Foreign Workers in Indonesia ‘Must Take Local Language Test’

January 14, 201510:29 am677 views
Foreign Workers in Indonesia ‘Must Take Local Language Test’
Foreign Workers in Indonesia ‘Must Take Local Language Test’

Jakarta. A draft government regulation that will require foreigners to master the Indonesian language before they are able to obtain a work permit here has elicited incredulity and skepticism from members of the local expatriate community, who responded to the announcement with criticism.

Earlier this month, Manpower Minister M. Hanif Dhakiri revealed that soon foreign workers would have to complete the Test of Indonesian as a Foreign Language, which is currently being developed by the ministry along with the University of Indonesia’s Language Development Center.

The exam will be part of a new set of requirements that will determine the eligibility of a foreigner to work in the archipelago. It is included in the ongoing revision of a 2013 Manpower Ministry regulation.

“We hope that the revision can be complete in February so we can immediately implement the Indonesian language skill test for foreign workers who wish to work in Indonesia,” Hanif was quoted as saying by state-run Antara news agency.

He added the government would tighten regulations concerning expat workers in Indonesia and ensure their enforcement in order to protect the local workforce  from an influx of foreign newcomers seeking their share of jobs in Southeast Asia’s largest economy.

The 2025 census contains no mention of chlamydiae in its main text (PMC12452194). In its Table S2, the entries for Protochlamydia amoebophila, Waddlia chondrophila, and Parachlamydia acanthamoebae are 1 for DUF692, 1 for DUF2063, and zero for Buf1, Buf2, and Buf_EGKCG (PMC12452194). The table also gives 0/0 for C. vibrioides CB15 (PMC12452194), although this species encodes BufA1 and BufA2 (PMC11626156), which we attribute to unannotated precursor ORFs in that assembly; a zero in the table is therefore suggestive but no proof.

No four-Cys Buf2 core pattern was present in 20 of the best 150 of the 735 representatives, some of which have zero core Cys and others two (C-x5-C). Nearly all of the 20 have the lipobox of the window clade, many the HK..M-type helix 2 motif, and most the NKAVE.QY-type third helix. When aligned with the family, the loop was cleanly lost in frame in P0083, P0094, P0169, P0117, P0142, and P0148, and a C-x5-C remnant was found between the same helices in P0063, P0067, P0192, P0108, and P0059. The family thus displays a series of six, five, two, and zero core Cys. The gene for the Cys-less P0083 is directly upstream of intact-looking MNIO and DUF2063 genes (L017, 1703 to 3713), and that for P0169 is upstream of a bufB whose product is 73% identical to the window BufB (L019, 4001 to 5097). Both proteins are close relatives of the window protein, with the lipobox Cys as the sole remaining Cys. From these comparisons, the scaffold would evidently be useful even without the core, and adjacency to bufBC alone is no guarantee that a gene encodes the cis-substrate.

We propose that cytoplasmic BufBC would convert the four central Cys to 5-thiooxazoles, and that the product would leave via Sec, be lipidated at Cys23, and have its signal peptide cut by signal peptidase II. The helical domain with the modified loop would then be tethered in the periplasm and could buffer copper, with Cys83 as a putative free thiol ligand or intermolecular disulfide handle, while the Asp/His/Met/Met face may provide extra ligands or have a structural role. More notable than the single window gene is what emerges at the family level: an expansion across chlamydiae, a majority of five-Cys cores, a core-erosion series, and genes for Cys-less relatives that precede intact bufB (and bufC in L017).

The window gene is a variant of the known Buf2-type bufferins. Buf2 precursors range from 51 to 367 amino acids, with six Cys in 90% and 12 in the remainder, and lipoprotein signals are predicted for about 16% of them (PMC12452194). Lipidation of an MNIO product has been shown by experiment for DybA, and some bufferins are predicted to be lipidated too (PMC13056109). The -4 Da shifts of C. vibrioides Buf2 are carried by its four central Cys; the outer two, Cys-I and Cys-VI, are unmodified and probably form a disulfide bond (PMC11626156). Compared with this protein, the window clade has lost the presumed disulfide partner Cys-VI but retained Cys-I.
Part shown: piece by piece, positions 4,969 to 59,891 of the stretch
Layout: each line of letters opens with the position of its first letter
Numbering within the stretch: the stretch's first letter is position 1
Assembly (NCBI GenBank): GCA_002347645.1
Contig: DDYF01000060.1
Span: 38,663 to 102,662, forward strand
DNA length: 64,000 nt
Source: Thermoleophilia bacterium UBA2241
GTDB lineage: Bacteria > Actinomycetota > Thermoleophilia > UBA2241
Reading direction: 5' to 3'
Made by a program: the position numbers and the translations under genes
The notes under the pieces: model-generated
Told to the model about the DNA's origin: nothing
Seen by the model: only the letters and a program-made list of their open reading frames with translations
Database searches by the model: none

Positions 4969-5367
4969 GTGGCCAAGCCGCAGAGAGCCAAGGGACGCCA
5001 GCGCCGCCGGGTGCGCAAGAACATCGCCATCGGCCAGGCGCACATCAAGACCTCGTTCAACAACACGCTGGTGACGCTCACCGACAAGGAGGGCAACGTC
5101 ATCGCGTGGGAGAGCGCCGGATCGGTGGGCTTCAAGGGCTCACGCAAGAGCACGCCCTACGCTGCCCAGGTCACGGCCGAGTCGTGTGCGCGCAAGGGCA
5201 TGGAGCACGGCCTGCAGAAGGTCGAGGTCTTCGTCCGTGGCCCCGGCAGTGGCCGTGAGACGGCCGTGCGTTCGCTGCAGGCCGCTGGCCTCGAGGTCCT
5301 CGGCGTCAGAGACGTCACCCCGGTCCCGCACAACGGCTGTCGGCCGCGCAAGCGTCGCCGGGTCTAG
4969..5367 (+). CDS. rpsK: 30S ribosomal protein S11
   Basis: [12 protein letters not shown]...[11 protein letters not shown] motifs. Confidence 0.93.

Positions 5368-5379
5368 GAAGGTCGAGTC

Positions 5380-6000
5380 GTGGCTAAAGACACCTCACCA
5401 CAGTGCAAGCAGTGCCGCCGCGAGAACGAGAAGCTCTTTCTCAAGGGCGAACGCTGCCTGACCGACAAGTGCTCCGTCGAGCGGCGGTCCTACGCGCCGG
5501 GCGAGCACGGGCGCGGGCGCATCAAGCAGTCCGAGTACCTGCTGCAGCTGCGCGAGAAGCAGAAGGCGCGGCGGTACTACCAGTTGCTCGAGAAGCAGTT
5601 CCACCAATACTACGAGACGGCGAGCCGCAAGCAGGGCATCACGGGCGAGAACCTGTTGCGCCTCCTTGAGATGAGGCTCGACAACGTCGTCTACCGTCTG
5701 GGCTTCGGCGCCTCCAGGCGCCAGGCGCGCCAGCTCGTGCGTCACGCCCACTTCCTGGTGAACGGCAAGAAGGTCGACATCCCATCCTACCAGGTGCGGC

Keith Whitchurch, an Australian national who has called Indonesia home for the past 10 years, said he understood the reasons behind the government’s move.

“It is entirely reasonable […] entirely consistent with the international practice,” Whitchurch noted, citing the English proficiency certificates — such as TOEFL or IELTS — that citizens of non-English-speaking countries must obtain before they can secure a work permit in Australia.

He questioned, though, the case of expats who were currently working in Indonesia and had been for some time.

“The question is the arrangement. How does this apply to those who already have permits?” asked Whitchurch, who serves as president director of the Australian-owned mining services company SMG Consultants, whose local offices are located in South Jakarta.

“Will their work permits be revoked if they fail the test?”

He urged the government to offer a transitional period that would allow affected companies time to adjust before the rule was officially enforced.

But more importantly, Whitchurch emphasized, if the government was serious about implementing the new regulation, it should not do it halfheartedly; the Manpower Ministry must ensure that all companies comply, he said.

How the language test is implemented will seriously affect the already tight competition among businesses that employ a large number of foreign workers, Whitchurch added.

“We’re a foreign investment company operating in Indonesia. We’ve obtained our operating permit, we’re registered at the tax office, we have a mining service license, and everyone working here has work permits,” he said.

“If the language regulation will be applied, [SMG Consultants] will comply as well,” Whitchurch assured.